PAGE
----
tsc tsc tsc.... this outdated argument again. All major RPM based distros already have package repositories and programs that automate the installation of required packages. Under Mandrake a noob can update it's System clicking: Menu > System > Configure > Update
For the update, maybe, but the dependencies aren't really great when you install a new package with the RPM system. But I admit, it makes a long time that I've tried a Mandrake or a FC (last year, as far as I can remember for the FC)... I have a friend with a Mandriva, still like Debian or Ubuntu...

Last edited by Creak; 06-18-2005 at 08:37 AM.
 
Old 06-18-2005, 09:11 AM   #22
craigevil
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Who pays $4k for a PC?If the list in your sig is the system you were ripped off.

Personally I agree with the #debian irc, Ubuntu isn't Debian GNU/Linux .
It is based on Debian but it is not Debian.

If you want a beginner distro that is Debian based try MEPIS or a Knoppix LiveCD.

Remember Linux is Not Windows
 
Old 06-18-2005, 09:20 AM   #23
jonaskoelker
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I have made a few corrections to the quotes--most notably inserted a big load of punctiation characters. I wonder why OP doesn't do that himself...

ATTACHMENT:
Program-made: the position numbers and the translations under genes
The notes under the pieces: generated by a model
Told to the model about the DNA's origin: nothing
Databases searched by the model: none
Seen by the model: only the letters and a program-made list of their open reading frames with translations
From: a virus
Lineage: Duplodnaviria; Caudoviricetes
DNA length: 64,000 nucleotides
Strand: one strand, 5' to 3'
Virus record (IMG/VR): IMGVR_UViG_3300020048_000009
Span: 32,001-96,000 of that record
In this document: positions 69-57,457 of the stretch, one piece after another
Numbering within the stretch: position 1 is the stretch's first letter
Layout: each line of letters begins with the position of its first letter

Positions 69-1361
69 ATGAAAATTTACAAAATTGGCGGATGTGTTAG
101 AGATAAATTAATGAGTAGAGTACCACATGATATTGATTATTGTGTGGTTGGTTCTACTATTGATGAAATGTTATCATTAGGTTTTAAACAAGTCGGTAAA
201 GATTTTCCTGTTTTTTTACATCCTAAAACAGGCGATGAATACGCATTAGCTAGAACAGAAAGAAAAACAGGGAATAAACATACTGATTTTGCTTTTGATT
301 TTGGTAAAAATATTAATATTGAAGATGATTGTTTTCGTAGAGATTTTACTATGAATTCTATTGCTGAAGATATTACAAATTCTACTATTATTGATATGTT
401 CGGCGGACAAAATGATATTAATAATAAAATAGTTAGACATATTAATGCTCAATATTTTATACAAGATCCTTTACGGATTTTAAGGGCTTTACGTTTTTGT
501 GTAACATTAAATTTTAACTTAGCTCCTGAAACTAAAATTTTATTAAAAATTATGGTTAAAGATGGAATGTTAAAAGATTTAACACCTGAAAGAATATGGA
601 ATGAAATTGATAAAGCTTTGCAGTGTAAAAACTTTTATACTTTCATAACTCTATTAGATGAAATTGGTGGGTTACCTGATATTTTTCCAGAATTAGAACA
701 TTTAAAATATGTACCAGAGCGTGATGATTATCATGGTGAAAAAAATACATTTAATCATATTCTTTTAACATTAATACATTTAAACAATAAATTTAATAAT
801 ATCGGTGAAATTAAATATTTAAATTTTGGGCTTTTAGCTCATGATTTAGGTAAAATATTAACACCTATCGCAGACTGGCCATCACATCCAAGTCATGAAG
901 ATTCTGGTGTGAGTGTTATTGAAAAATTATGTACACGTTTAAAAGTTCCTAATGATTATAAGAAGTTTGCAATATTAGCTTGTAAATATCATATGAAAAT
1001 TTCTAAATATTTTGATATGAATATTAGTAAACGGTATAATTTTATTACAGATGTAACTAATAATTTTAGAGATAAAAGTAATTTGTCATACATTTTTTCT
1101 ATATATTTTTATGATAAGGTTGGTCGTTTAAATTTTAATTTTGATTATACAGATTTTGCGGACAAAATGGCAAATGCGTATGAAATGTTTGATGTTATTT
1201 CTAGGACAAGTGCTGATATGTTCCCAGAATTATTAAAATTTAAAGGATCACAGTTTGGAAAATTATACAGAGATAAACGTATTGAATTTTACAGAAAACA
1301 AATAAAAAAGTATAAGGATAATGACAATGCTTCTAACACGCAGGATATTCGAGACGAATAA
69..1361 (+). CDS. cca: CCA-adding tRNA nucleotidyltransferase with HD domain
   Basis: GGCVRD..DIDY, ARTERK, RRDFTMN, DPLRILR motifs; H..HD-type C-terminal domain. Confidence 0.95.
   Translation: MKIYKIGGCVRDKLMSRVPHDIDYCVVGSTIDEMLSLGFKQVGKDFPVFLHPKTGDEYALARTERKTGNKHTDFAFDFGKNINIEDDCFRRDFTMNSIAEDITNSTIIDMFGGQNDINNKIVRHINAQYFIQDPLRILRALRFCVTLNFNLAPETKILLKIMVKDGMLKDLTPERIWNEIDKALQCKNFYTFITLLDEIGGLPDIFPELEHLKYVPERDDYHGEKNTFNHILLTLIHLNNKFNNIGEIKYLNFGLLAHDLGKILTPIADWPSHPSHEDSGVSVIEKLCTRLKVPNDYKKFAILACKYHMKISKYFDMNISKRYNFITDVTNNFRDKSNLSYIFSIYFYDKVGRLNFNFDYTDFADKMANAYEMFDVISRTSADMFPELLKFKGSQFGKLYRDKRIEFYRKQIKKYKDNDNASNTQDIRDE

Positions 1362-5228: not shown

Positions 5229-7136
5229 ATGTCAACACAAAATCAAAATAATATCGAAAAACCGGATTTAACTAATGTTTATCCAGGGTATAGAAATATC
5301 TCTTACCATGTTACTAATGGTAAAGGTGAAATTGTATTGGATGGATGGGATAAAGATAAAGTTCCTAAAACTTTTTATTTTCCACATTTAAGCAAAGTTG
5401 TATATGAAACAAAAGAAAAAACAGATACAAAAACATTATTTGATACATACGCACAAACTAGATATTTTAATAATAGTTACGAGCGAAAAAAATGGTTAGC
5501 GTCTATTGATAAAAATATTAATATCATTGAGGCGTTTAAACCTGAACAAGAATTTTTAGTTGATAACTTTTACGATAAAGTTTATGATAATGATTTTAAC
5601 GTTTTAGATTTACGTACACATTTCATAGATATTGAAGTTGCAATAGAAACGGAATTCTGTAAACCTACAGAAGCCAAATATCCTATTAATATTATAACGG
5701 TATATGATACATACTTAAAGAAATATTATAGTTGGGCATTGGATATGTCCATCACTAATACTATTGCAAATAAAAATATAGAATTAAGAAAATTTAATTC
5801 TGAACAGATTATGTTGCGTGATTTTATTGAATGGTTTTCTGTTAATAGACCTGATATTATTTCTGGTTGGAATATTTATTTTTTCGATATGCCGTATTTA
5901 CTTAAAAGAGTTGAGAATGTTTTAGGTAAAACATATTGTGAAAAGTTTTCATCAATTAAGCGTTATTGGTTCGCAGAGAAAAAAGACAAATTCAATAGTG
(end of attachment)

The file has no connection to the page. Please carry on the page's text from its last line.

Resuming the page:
anyways:

Quote:
There's a lot of GNU/Linux developers out there who fail to realize that we are no longer in the 60s.
Could you name any or point to a project of which (some of) the developers seem to have this mentality?

Quote:
Computers are inexpensive nowadays. Dell's brand new costs only $500 therefore people no longer need to use their old PC that they had back in the 60s.
First of all, no one had PCs in the 60s, and the number of individuals who owned a computer was surprisingly small.

But besides nitpicking, I *will* address the point lying underneath, which is "computers are cheap, so no one needs to use an old one".

True. But if I spent money on a computer, I would hate to see it just stand in a closet not being used. I think it's great that with some distros and a bit of tweaking, you can put even the really old ones to some use.

And just because you wouldn't want to use an old computer doesn't mean that it doesn't make sense to cater to the needs of those who do.

Quote: